The product, including its packaging, which can be opened without scissors, was designed “for and with people with disabilities”. Microsoft worked with United States war veterans on the development.
Hiring people with a range of disabilities is part of the tech giant’s strategy to create better technology for all, Lay-Flurrie says.
“Some of the product teams here are constantly banging on my door asking me to go find talent who are deaf, talent who are blind. When I smile and I say, ‘why do you want that’, they say ‘well, because they think inclusively, they think accessibly’.”
Lay-Flurrie says audio books are an example of how digital technology designed for people with disabilities benefits everyone. They were designed for the blind but have become mainstreamed.
“That’s the potential of accessibility. Whether you have a disability or not, they may empower you in your life.”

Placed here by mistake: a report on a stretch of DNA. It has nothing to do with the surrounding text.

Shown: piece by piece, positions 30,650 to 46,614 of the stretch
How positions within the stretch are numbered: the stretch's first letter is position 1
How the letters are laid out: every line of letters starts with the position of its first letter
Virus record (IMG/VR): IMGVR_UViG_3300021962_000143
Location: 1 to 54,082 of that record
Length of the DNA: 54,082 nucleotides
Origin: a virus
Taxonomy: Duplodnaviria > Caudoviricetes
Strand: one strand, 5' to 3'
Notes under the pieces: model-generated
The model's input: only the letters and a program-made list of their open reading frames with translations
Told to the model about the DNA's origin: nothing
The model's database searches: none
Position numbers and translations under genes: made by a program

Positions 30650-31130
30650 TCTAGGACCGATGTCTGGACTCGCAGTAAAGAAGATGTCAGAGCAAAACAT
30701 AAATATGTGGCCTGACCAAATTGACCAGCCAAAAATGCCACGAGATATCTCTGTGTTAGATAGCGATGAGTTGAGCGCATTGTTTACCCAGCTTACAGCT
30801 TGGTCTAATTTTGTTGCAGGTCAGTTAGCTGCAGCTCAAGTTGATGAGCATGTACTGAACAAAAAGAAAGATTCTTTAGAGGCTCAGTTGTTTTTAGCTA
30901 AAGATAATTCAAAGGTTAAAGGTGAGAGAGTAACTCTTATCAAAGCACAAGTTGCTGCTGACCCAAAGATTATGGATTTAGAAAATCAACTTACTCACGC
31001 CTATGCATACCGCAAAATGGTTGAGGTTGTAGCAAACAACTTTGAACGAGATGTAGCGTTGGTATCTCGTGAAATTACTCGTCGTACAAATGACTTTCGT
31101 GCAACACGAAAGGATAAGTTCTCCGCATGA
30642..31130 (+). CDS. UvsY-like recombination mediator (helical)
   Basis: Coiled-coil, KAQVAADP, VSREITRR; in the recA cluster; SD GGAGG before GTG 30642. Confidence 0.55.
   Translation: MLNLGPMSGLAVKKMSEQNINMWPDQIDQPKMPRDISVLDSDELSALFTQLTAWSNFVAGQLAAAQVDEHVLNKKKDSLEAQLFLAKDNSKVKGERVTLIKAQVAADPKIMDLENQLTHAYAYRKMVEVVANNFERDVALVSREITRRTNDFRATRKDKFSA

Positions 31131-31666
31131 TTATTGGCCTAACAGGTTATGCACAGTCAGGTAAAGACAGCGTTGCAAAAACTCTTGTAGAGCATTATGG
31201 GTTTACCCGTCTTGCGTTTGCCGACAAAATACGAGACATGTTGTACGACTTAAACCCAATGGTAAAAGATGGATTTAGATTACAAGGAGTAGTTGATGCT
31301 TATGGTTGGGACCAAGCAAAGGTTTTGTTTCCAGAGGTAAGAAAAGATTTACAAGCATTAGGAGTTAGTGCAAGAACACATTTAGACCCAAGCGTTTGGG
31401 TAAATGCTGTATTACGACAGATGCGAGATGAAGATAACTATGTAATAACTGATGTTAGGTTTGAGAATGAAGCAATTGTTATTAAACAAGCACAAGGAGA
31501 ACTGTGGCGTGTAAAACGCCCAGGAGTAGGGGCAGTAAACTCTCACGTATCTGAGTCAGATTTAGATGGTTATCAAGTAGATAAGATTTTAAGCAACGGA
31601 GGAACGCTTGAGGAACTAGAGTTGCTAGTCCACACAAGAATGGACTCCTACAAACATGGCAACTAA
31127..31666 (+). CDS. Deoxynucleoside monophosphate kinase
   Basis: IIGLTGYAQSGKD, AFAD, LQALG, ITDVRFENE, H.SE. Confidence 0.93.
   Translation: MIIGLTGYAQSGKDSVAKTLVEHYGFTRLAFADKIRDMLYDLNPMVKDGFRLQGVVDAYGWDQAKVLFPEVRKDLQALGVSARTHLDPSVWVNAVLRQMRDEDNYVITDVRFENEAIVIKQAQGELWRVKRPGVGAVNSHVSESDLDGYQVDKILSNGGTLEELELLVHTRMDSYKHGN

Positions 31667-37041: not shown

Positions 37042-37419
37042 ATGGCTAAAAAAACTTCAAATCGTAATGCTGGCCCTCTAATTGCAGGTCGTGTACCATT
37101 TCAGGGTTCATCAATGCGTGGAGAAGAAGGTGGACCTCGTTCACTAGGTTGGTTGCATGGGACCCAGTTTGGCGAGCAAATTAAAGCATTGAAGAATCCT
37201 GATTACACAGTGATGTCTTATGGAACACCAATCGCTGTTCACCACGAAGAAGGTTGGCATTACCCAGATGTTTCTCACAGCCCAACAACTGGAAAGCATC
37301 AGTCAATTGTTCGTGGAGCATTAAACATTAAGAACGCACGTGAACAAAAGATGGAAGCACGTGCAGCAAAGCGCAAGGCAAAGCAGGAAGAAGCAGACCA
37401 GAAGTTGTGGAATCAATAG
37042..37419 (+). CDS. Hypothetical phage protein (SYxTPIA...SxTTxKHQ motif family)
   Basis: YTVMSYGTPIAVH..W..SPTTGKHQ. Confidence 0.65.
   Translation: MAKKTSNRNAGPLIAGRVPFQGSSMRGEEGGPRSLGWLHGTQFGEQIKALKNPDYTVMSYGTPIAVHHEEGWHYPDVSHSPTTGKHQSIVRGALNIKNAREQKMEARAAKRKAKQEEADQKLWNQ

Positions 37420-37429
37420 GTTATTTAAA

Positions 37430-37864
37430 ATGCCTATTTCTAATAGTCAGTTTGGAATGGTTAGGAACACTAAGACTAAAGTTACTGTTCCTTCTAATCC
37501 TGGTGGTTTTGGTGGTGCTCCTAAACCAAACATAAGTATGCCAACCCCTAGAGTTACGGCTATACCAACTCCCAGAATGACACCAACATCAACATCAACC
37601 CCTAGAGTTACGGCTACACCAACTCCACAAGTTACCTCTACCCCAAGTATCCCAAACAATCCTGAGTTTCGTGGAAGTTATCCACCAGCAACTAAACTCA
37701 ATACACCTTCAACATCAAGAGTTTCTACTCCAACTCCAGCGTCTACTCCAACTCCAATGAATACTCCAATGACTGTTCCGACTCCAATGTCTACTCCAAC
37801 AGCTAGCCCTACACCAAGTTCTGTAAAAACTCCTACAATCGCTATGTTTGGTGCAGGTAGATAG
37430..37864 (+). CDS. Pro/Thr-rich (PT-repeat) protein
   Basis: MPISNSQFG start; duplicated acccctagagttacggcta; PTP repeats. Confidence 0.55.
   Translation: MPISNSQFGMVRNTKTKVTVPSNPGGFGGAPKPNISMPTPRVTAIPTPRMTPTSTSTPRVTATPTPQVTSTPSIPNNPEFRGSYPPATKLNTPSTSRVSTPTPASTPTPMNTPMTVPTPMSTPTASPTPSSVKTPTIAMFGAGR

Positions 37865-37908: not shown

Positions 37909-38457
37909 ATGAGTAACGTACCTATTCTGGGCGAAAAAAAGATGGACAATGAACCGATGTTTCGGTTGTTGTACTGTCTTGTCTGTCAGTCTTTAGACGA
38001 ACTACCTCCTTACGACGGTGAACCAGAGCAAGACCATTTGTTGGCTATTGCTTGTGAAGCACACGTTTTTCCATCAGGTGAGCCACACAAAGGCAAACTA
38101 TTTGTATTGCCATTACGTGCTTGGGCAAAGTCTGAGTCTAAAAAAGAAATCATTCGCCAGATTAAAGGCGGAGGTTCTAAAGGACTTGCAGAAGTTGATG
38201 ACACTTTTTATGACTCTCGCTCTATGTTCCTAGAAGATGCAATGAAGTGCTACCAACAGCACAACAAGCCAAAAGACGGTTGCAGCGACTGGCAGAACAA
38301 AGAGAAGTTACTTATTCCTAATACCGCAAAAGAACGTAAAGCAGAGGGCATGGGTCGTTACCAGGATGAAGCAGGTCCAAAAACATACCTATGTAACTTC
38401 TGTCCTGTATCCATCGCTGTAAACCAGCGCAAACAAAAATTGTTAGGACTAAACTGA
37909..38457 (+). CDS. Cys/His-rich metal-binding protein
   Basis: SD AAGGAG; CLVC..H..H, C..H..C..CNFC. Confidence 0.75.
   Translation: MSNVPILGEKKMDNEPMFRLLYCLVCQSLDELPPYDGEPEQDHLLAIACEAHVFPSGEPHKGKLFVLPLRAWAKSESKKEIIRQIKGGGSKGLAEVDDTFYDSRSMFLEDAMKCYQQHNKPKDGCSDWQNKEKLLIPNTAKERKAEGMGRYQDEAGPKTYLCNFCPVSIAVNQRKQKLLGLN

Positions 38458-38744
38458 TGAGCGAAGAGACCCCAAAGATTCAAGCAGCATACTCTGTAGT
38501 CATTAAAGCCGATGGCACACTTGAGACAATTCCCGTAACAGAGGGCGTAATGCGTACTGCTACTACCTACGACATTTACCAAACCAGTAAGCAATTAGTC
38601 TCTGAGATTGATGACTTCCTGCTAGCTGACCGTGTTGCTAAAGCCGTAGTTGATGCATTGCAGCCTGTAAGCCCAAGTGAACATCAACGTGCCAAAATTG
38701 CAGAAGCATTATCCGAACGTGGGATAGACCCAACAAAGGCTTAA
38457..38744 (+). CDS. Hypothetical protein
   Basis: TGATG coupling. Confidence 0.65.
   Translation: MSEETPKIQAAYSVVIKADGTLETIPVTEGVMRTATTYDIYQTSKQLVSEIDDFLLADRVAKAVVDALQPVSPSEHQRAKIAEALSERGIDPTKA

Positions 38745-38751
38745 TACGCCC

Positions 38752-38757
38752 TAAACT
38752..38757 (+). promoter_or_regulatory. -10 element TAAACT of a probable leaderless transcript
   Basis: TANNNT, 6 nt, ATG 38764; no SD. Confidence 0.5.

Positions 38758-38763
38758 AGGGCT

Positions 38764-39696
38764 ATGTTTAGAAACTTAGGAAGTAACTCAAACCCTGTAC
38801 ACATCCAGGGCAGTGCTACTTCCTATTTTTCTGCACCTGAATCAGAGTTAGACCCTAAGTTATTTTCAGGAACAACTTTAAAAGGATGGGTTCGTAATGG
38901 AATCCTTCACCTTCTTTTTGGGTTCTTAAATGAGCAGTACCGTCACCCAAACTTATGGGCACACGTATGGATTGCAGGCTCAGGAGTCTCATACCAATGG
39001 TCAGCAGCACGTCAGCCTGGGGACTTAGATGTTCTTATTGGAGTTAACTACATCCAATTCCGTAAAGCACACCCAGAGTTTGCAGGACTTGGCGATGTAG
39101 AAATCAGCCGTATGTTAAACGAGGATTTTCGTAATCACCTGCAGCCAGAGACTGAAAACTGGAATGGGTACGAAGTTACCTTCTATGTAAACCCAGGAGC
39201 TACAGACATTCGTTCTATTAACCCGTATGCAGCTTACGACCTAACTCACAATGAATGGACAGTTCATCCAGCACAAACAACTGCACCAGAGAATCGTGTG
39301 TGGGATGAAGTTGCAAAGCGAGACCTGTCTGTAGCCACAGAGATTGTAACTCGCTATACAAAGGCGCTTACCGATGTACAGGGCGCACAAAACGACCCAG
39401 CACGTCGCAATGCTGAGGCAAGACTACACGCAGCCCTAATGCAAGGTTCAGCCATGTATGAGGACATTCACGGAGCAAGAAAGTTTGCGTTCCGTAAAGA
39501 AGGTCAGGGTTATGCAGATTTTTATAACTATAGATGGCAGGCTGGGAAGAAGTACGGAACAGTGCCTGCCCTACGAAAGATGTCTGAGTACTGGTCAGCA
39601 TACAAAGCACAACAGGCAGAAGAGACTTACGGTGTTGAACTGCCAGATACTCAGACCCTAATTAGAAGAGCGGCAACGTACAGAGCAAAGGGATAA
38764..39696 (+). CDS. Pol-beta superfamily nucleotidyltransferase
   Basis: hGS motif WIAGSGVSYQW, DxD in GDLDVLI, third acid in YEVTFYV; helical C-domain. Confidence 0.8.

On Monday, Microsoft is launching a product which Lay-Flurrie, who is deaf, hopes will give the deaf and hard of hearing community more independence – a “really high quality” captioning system embedded into programmes such as Skype and Powerpoint.
Lay-Flurrie has experienced the difference accessible technology can make to the daily lives of people with disabilities.
“I think any individual with a disability, myself included, you just want to get on with a job – whether that’s being a mum, going to meetings, getting kids to and from places, responding to mail,” she says.
“The job of accessibility is to make that easier, to reduce costs and barriers and just to empower people to be more productive, more engaged. Tech has a really, really important part to play in all of that.”